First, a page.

Seedtime & Harvest Newsletter
This week’s produce is bright, beautiful and delicious!
Is this email not displaying correctly?

Written for the May 15, 2014 newsletterBeans?Yes.  Beans.Local farmers are planting their soybeans.  Uncle would say, “It’s time to plant beans … The barn swallows are back!”

I love barn swallows.  Because of barn swallows, our old barn is still standing.  I haven’t decided what to build to replace the old barn.  The new structure must a) welcome the barn swallows, b) be depreciate-able in less than 49 years, c) be used to dry onions and garlic and cure winter squash, d) be stronger than a greenhouse to withstand wind storms. e) store empty pots and trays, f) provide UV protection for farming equipment, g) be relatively inexpensive to build.

I digress.  Back to the bean subject.  (As soon as the sun shines, I will be planting our green beans.)

A woman whose husband suffers with Parkinson’s called several weeks ago asking about organic vegetables, organic tomato plants, and in the course of our conversation, asked if she could plant her green beans.

“I always wait until the farmers plant their soy beans.  Corn can go in really early as the seeds are coated, treated against rotting with fungicides and against bugs and bacteria with pesticides.  Treated corn seed can lie in the cold, wet ground a long time and not rot or be eaten.  Untreated corn seed cannot be planted until the soil warms.  Soy and green bean seed also rots in cold, wet soil.”

I digress.  Again.

The grocery chain, Fareway, celebrated 75 years in 2013 and ran features at 75 cents.  I’m assuming Fareway is 76 years old this year as they have 76 cent features.

I bought a few Braeburn apples at 76 cents per pound.  (After taking a bite.  Yes, I rubbed an apple on my jeans and took a small bite.  Most apples nowadays taste yukky and even though cheap at 76 cents a pound, I wanted assurance that we would eat them rather than cluttering up the frig, planning on making apple sauce, and ending up feeding them to the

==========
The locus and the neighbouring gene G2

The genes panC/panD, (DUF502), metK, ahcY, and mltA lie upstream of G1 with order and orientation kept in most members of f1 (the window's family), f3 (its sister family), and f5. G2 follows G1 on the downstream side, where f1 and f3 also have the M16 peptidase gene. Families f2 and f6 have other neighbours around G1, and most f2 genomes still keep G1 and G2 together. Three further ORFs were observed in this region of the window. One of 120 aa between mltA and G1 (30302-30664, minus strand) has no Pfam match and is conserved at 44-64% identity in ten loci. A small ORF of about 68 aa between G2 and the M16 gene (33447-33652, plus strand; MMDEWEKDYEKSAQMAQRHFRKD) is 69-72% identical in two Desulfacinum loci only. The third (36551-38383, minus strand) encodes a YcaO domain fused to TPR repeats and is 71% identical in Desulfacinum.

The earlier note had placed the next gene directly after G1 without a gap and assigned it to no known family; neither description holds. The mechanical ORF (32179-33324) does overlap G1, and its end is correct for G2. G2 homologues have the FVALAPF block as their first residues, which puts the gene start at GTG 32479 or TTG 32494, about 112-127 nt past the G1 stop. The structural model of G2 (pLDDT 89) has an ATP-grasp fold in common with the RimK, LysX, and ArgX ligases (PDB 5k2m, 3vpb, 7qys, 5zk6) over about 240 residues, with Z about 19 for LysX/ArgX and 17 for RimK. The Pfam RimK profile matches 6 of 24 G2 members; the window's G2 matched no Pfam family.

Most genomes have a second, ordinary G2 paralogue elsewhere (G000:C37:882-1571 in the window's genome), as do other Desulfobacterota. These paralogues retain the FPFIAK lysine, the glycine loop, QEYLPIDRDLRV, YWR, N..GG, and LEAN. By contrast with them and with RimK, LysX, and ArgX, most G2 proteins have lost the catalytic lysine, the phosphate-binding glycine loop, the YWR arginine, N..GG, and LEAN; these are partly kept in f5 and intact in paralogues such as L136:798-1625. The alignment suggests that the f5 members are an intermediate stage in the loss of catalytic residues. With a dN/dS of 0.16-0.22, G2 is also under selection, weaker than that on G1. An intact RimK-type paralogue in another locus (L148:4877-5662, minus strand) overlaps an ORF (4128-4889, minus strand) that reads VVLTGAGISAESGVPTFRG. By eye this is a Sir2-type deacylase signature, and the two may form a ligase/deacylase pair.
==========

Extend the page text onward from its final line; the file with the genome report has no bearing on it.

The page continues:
compost pile.)

Henry found the green beans.  “These look nice,” he said, and then laid them back and pushed the cart deeper into the store.

I followed, found the green beans, picked up a bag, rolled it over in my hands, and eventually put a bag in our cart, remarking, “They look really fibrous but at 76 cents a pound, we can try them.”

Sunday afternoon, Laura joined me in the kitchen.  While I cleaned, cut, peeled, and cubed a Queensland Blue winter squash grown in 2013 and stored over winter, Laura set the table, filled the water glasses, etc.  Then I offered, “Laura, would you clean the green beans?”

About half way through the bag of beans, Laura asked, “Shall I clean them all?”

“Alissa and Nathan are not here tonight, but …. I think we can eat them all.  It’s about two pounds.  Cost me $1.38.  Imagine!  Green beans at 76 cents a pound.  Seedtime charges $4.50 a pound.  So that bag would be about $9.00 at Seedtime!

“I have no idea how they can plant, weed, fertilize, and grow green beans for 76 cents a pound.  I’m sure they have mechanical equipment but still ….”

Laura then commented on having had a spinach salad at Original Pancake House during the week.  “Hard boiled eggs, bacon, it was good.  Will you have baby spinach leaves like those in that salad?”

“Our spinach is ready this week but it’s bigger than baby leaves.  I’m not sure how they grow and harvest such consistently small leaves.  They must drill seed really close together and then have a cutting machine that cuts the spinach in the field, kind of like we grow Micro Herbs and Greens in trays.”